Amaro said he believes he and Sandberg are on the same page. He also said he likes the job the manager has done, although Sandberg ruffled feathers with the way he handled Jimmy Rollins in Spring Training and Howard more recently, and he has drawn criticism with the way he has used players, along with some in-game decisions.
"Ryno was dealt kind of a difficult task," Amaro said. "When you have veteran guys and young guys and expectations are very high, and we had the kind of injuries and stuff that hurt our rotation in particular -- which was supposed to be a strength of ours -- it makes life difficult for him. I think he is trying his best to rotate the lineup and do some things that try to create wins for us.
"At some point, we'll get together to discuss when and if we get to the point to start looking to 2015, 2016 and beyond that. We'll get on the page and start talking about what it is that needs to be done as far as playing time and other stuff. But I think Ryno has done a good job. Just like anybody else in this situation, he's still learning the process.
"But I don't have any issue at all with how our veteran guys are playing. Particularly with the position we're in right now in last place and not in contention, these guys are still coming out and playing hard and doing their jobs."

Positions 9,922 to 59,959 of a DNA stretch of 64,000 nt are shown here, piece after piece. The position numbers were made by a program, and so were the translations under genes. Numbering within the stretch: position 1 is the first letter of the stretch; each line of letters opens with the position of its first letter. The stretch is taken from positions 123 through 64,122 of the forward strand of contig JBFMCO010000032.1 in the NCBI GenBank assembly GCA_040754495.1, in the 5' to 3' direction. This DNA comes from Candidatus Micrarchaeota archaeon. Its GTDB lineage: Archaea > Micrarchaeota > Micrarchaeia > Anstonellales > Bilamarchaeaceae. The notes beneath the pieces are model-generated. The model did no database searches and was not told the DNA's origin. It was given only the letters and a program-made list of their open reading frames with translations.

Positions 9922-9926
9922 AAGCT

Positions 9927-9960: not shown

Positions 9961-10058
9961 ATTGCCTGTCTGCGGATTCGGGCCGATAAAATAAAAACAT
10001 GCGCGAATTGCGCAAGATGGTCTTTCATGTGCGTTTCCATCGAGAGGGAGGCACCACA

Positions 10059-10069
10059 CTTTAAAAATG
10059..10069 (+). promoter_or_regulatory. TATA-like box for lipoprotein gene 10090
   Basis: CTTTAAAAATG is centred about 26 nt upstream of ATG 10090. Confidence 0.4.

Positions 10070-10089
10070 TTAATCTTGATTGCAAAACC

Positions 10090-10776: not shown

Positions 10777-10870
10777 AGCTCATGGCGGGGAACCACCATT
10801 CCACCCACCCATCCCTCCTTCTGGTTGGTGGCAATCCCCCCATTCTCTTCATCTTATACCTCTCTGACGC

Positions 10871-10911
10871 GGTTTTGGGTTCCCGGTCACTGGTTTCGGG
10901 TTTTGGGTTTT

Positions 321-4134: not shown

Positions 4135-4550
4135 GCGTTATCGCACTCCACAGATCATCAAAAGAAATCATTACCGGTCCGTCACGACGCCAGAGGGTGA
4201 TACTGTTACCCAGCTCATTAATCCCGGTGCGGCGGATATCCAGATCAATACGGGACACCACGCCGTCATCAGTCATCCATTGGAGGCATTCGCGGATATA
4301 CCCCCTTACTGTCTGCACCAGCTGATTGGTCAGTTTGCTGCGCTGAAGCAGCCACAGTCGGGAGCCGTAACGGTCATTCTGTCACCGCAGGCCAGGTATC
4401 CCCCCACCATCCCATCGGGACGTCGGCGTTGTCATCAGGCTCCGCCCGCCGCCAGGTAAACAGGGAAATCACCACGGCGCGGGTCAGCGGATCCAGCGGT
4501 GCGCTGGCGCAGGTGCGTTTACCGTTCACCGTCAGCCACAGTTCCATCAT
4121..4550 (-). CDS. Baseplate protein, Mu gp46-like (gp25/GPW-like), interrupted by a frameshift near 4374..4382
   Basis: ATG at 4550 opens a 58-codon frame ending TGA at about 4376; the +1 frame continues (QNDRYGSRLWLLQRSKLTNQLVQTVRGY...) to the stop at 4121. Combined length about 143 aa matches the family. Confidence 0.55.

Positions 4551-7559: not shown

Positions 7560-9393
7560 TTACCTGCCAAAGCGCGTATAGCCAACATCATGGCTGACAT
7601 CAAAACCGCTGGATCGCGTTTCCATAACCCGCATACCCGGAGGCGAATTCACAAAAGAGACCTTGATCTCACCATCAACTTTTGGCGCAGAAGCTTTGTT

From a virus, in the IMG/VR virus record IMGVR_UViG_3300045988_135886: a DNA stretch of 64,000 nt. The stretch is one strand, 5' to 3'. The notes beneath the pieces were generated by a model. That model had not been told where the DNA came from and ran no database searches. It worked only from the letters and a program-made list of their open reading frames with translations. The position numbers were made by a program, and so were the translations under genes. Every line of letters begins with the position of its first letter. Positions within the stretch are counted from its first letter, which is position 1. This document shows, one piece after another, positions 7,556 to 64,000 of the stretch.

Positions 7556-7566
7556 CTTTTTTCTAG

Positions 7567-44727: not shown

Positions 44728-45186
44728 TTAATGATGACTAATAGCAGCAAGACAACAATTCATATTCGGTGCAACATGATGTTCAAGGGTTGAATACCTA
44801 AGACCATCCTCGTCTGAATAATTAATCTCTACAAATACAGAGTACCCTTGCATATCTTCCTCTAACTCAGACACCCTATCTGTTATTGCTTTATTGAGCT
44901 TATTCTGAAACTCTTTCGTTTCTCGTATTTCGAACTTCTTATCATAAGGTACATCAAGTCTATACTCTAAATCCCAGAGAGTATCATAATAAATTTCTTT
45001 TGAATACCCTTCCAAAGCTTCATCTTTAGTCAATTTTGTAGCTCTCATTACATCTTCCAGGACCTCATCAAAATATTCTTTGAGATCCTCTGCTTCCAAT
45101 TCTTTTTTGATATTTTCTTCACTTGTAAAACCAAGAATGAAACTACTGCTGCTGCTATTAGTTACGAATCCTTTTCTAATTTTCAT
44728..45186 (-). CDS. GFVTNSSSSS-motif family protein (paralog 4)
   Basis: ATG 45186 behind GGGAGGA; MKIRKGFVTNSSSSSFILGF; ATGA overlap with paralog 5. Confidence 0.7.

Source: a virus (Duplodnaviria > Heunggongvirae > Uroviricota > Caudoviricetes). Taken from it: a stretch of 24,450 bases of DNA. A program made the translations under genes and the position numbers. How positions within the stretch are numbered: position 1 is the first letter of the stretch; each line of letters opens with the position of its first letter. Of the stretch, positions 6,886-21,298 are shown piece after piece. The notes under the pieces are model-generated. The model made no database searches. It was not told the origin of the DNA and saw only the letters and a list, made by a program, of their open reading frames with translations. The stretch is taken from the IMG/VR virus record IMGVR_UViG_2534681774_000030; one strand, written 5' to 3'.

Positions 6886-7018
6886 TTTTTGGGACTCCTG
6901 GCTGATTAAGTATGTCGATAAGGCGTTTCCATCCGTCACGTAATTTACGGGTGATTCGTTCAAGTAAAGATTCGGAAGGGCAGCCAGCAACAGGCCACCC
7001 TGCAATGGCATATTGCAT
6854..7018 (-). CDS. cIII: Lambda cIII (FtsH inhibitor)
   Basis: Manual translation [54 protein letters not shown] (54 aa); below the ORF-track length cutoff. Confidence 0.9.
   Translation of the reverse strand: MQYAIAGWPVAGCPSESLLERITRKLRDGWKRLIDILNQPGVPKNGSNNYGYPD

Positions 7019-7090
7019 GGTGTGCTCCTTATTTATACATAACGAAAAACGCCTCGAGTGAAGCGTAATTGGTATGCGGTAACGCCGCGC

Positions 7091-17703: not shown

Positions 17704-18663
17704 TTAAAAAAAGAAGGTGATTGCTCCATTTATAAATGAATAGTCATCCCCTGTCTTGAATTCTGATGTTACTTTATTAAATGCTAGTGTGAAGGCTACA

So the Phillies will play out the string, trying to win, while also getting a gauge on the future. Amaro said the organization has a plan, but everybody will have to wait and see how it plays out.
"Everybody is entitled to their opinion," Amaro said. "A lot of people don't really know much about the inner workings of our organization unless they're working with us. They're entitled to have those opinions. We believe in the people that work with us. We know that we have to improve in certain areas, and we'll continue to try to do that. We have some questions to answer. It's a broader question than I'm able to answer completely, but we have a lot of questions that have to be worked on."
Todd Zolecki is a reporter for MLB.com. This story was not subject to the approval of Major League Baseball or its clubs.